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Neuromodulation of Mushroom Body Output Neurons in Drosophila Regulates Hunger and Satiety


When faced with starvation, animals become more aware of food-related stimuli, at the expense of other behaviors such as courtship. Underlying this heightened stimulus perception is the altered activity of the sensory systems, particularly the olfactory system. To study this, the model organism Drosophila was used due to its simple anatomical olfactory and neural systems, and its genetic tractability. We used a high-throughput single-fly assay to measure the effect of starvation duration on food search behavior. We found mild and severe starvation conditions recruit differential neural substrates for odor search behavior. A signaling pathway for short Neuropeptide F (sNPF) in the mushroom body, particularly in the γ lobe, is shown to be required for this severe starvation-induced food search behavior, where sNPF receptors are localized on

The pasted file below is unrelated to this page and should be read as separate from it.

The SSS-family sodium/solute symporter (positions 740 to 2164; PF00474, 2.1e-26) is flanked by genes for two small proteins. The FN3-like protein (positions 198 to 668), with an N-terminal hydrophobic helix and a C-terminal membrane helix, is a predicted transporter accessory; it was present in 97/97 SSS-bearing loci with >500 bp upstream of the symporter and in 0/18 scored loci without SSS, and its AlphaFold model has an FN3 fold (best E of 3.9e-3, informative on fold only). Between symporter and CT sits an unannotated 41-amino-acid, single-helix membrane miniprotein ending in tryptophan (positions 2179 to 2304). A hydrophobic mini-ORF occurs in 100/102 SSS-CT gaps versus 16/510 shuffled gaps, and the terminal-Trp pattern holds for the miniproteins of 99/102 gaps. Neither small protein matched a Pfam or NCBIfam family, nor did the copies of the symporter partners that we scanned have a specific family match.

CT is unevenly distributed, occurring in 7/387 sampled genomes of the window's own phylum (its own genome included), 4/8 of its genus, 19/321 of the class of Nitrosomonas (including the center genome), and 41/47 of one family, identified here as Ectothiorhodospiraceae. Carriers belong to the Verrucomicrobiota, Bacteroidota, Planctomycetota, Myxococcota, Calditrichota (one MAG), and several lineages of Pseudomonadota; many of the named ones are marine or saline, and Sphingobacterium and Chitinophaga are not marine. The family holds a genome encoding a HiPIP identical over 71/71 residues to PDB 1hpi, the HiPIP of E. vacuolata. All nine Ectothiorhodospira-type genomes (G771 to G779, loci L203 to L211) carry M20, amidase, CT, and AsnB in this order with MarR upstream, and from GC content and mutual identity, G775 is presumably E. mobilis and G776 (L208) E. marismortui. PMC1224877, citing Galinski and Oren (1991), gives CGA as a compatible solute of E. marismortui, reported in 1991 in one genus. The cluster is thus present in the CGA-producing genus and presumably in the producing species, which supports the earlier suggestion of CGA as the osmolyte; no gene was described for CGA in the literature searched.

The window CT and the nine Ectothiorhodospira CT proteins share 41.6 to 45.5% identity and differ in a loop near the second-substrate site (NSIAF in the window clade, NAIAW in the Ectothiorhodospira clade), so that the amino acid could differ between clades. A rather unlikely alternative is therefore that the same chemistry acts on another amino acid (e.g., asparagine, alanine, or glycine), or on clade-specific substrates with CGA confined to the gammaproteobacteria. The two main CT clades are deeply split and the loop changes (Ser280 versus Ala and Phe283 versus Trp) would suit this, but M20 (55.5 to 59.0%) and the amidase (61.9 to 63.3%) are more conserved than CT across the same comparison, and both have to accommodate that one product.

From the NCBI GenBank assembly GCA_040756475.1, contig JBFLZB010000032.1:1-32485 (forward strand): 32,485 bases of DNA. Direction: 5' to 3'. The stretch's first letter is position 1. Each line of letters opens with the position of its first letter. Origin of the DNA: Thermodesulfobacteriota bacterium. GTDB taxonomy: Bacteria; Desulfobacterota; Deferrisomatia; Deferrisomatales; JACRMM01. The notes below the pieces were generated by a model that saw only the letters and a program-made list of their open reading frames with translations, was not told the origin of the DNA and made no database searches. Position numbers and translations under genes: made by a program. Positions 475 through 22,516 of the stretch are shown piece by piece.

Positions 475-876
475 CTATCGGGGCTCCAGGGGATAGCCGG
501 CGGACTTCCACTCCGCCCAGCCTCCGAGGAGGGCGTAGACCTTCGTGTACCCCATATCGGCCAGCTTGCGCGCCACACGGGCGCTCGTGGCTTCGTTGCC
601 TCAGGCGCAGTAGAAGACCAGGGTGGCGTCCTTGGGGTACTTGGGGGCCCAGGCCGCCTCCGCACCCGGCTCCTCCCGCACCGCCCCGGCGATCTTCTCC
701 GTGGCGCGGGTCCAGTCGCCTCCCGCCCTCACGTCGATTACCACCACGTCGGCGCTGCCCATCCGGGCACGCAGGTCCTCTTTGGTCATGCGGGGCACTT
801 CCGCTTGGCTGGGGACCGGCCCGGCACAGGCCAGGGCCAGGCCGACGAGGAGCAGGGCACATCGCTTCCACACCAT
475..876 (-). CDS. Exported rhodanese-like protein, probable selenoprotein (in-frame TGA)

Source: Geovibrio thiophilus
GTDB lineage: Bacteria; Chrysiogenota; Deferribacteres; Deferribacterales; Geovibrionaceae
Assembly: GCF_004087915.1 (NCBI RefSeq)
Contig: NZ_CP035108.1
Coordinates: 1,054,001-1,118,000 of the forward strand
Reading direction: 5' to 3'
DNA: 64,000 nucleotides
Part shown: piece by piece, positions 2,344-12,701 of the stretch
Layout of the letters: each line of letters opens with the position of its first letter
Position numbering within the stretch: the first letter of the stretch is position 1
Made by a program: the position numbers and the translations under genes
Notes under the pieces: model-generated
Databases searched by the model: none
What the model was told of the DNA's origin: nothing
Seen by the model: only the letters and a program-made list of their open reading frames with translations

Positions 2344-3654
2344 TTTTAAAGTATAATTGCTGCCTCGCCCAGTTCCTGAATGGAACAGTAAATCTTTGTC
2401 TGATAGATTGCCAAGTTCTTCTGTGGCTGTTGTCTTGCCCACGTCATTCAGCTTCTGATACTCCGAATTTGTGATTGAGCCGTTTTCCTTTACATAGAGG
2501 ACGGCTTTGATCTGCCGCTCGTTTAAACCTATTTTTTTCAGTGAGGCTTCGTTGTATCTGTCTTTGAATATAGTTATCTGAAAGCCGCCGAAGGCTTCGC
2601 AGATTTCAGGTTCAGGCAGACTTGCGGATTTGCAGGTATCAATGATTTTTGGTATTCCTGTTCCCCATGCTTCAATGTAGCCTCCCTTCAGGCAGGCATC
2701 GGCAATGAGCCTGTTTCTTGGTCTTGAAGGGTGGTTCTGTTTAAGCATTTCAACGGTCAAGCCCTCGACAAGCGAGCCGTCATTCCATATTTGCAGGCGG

the γ1 and γ2 MBONs. Lastly, the increased excitability of the γ1 and γ2 mushroom body output neurons (MBONs) was able to induce severe starvation behavior in mildly starved flies reinforcing the state-dependent neural plasticity of Drosophila. These results suggest a sNPF-signaling pathway that modulates the activity of the mushroom body in order to increase the food search behavior of Drosophila as starvation progresses.

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